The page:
For many college kids, freshman year is the first time they've ever lived away from home.
Fear, anxiety, homesickness and sadness are common and very normal emotions during this often stressful time of transition. But if those feelings last longer than two weeks, your college student may be depressed. Mayo Clinic pediatrician Dr. Jay Hoecker says, "We're talking about a challenging time in life. And, it's actually amazing that people get through it when you think about how profound those changes and stresses are."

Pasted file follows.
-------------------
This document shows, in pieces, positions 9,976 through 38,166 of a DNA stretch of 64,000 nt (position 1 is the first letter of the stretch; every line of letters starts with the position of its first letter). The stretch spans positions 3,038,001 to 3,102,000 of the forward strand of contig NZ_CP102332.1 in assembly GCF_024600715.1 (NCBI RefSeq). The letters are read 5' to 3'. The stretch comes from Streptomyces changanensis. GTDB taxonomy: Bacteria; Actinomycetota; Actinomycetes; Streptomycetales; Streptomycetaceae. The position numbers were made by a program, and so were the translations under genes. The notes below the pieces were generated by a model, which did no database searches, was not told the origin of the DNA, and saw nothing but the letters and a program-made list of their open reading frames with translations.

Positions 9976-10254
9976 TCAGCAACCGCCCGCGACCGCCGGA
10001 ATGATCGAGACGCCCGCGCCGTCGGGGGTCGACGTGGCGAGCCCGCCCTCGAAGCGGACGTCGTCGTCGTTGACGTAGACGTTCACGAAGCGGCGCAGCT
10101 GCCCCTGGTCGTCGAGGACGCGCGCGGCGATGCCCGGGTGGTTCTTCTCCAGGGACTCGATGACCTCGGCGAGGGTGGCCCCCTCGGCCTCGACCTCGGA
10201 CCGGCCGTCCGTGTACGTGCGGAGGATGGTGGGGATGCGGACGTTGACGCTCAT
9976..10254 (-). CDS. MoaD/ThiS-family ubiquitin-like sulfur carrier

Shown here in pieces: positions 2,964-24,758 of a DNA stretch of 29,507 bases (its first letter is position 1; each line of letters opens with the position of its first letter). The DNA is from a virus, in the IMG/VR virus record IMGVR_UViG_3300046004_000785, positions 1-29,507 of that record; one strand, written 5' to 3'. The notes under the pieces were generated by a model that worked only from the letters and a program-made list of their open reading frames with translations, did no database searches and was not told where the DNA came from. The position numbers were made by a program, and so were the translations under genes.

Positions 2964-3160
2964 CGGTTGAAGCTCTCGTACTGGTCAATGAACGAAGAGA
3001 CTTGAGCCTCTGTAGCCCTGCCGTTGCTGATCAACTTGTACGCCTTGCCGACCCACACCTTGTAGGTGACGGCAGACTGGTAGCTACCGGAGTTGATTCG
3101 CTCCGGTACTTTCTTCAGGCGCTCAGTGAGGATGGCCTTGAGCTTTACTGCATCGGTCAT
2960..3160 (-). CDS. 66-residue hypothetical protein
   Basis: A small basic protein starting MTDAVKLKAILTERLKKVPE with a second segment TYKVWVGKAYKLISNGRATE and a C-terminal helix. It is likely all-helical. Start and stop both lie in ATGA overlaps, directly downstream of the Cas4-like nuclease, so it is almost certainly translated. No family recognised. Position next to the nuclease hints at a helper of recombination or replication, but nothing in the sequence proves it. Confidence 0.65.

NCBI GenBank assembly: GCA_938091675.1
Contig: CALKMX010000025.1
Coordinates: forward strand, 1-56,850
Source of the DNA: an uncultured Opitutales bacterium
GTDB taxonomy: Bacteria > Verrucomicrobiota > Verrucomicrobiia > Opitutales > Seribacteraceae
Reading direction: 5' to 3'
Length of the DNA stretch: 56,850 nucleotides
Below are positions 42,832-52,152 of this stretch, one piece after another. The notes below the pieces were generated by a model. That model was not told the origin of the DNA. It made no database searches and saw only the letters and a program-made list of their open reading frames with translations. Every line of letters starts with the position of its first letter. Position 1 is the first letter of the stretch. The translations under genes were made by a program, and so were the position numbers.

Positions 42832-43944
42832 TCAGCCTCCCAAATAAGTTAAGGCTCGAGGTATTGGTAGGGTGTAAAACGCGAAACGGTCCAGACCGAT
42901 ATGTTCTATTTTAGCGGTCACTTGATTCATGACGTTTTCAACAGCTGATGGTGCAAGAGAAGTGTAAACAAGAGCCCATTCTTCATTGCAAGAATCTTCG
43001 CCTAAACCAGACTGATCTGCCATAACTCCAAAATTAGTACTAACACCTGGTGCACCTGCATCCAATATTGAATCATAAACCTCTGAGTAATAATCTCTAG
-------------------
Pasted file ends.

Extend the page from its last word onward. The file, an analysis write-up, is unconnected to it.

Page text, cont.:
Dr. Hoecker wants parents or caregivers to encourage their college kids to talk about their feelings. He also recommends that depressed students go to the school's health center, or schedule a visit with their primary care provider or pediatrician, who can refer them to a mental health specialist if needed. Depression is treatable.
Journalists: Sound bites with Dr. Hoecker are available in the downloads. [TRT 2:43] Click here for the transcript.
The Centers for Disease Control and Prevention reports that suicide is the third leading cause of death among college-aged people. Dr. Hoecker says do not ignore the symptoms. Call Suicide & Crisis Lifeline if your child may be thinking about suicide. Dial 988 from any phone.
Click here to read more about college depression.